• By a margin of 72% to 17%, respondents said they would participate in a program that offered the prospect of permanent legalization for migrants who lived here for five years, continued working and had no problems with legal authorities. Respondents who said they had no U.S.-issued ID were even more positive (79% to 15%).    
  • The largest shares of positive responses to questions about both programs came from young, relatively recently arrived migrants, who comprised nearly half of the total sample.    
  • By wide margins, respondents in the overall sample (79% vs. 13%) and among those who said they had no U.S.-issued ID (82% vs. 12%) said that their friends and family in Mexico would be willing to participate in a temporary worker program that would eventually require them to return to Mexico.    
  • The survey captured a distinctively young and recently arrived segment of the Mexican-born population living in the United States. Nearly half of the sample (48%) was between 18 and 29 years old, and almost half (43%) had been in the country for five years or less.    
  • Respondents to the survey showed a higher level of educational achievement than the adult population of Mexico at large. The share of respondents whose education stopped at primary school is half of that in the Mexican adult population, and the share that went as far as high school is three times as large.
No researcher has attempted to conduct a survey of a nationally representative sample of the undocumented population that was drawn with the level of statistical certainty that is routine for large-scale public opinion polls, and this survey does not purport to present that kind of sample. The Survey of Mexican Migrants was a purposive sample, in which any individual seeking an identity document on the days the survey was in progress could choose to participate. It was not a probability sample, in which researchers randomly select participants in a survey to avoid any self-selection bias. Moreover, the results have not been weighted to match the estimated parameters of a target population as is often the case with public opinion surveys. Instead the data are presented as raw counts.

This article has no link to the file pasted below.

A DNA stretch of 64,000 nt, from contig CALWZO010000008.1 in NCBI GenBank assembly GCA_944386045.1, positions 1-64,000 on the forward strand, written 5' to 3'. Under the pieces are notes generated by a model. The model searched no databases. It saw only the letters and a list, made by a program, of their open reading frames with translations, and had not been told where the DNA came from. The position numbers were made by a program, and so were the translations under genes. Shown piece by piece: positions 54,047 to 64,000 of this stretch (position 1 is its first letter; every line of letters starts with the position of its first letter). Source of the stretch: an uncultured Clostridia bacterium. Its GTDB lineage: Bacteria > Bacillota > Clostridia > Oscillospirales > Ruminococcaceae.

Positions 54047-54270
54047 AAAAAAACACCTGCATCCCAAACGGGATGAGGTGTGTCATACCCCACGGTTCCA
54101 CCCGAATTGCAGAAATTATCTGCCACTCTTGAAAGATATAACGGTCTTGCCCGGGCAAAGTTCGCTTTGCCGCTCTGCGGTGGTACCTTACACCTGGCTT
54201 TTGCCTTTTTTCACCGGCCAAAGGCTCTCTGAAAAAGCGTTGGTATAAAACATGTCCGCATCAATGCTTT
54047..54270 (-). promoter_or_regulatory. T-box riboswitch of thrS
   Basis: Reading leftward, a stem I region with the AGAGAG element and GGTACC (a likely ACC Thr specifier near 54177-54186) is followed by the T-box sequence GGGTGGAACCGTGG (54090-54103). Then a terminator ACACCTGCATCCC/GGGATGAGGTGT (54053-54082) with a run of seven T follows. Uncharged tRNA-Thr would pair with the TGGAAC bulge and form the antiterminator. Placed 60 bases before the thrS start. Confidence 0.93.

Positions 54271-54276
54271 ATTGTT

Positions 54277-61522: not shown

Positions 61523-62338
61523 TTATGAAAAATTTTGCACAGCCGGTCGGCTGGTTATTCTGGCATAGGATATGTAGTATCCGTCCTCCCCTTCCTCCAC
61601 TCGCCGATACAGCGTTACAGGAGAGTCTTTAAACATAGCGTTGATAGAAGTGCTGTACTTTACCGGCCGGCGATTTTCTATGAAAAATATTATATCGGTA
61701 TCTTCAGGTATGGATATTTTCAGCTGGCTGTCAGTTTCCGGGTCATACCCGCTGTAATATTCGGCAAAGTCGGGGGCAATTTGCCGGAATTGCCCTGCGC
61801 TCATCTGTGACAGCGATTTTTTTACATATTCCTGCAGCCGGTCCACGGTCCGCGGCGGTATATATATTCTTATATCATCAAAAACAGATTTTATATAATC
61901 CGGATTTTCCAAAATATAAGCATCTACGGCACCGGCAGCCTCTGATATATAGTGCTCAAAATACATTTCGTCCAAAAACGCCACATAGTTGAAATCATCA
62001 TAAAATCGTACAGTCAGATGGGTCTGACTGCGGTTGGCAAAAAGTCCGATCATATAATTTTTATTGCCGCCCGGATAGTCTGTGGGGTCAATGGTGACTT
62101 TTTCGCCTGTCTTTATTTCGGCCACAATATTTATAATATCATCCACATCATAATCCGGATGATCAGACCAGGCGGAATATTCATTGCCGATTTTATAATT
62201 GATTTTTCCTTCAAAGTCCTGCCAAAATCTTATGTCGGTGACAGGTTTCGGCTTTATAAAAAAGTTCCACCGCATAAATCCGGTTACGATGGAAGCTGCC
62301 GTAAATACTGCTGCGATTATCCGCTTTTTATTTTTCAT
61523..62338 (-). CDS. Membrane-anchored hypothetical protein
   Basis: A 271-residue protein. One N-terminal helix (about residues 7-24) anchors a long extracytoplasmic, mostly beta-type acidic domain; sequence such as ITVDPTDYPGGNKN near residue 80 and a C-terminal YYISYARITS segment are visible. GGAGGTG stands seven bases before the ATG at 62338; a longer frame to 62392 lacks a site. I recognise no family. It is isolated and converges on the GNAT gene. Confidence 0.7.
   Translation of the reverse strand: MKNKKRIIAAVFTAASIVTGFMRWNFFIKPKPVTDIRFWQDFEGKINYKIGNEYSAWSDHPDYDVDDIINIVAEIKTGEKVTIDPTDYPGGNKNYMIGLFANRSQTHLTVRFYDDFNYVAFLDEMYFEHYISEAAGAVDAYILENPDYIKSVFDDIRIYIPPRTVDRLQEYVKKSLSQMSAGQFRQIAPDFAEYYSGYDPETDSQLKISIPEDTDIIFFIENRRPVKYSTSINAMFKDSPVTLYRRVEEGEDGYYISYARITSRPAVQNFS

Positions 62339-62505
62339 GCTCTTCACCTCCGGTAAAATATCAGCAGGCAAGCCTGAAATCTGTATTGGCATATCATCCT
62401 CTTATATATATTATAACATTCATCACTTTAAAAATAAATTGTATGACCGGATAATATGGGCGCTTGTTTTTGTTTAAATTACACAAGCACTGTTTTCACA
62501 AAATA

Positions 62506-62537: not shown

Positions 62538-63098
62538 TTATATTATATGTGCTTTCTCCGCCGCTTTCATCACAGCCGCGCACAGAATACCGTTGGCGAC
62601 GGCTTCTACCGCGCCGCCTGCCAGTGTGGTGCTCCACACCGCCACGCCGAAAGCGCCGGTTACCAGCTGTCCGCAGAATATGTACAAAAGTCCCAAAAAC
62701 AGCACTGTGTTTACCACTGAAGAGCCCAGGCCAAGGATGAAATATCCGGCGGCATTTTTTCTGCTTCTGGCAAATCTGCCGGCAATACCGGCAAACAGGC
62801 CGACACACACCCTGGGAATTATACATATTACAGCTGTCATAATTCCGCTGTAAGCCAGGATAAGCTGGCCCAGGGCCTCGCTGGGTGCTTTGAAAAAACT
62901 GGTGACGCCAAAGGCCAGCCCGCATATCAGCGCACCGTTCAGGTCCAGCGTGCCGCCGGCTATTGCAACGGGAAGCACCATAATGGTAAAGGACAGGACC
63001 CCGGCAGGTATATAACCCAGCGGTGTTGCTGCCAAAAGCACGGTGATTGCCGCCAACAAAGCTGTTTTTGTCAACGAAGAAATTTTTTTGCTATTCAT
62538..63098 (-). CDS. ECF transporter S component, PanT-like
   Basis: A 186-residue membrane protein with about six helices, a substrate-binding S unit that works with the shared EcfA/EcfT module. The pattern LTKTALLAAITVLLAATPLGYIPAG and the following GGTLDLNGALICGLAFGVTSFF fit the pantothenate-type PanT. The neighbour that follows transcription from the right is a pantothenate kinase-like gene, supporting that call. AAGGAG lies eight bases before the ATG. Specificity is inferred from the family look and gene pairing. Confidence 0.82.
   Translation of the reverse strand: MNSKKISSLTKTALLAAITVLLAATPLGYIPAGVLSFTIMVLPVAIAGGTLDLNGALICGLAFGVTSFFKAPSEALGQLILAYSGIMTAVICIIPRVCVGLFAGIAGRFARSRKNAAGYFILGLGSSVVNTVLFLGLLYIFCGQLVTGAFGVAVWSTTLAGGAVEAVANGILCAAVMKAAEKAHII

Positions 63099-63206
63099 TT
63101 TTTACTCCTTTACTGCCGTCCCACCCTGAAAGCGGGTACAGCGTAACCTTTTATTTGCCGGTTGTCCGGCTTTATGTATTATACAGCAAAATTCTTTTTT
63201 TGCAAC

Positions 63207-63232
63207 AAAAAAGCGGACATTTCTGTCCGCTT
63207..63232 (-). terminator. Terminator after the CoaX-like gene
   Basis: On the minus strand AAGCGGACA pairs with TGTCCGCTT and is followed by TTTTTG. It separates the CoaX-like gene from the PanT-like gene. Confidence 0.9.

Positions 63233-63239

Mexican authorities cooperated with the fieldwork by allowing it to take place at the consulates. However, the design, development and execution of the survey, the compilation and analysis of the resulting data and the writing and editing of this report were under the full and exclusive control of the Pew Hispanic Center.

The Pew Hispanic Center was founded in 2001 with support from The Pew Charitable Trusts. The Center conducts non-partisan research that aims at improving understanding of the Hispanic population. It is a project of the Pew Research Center.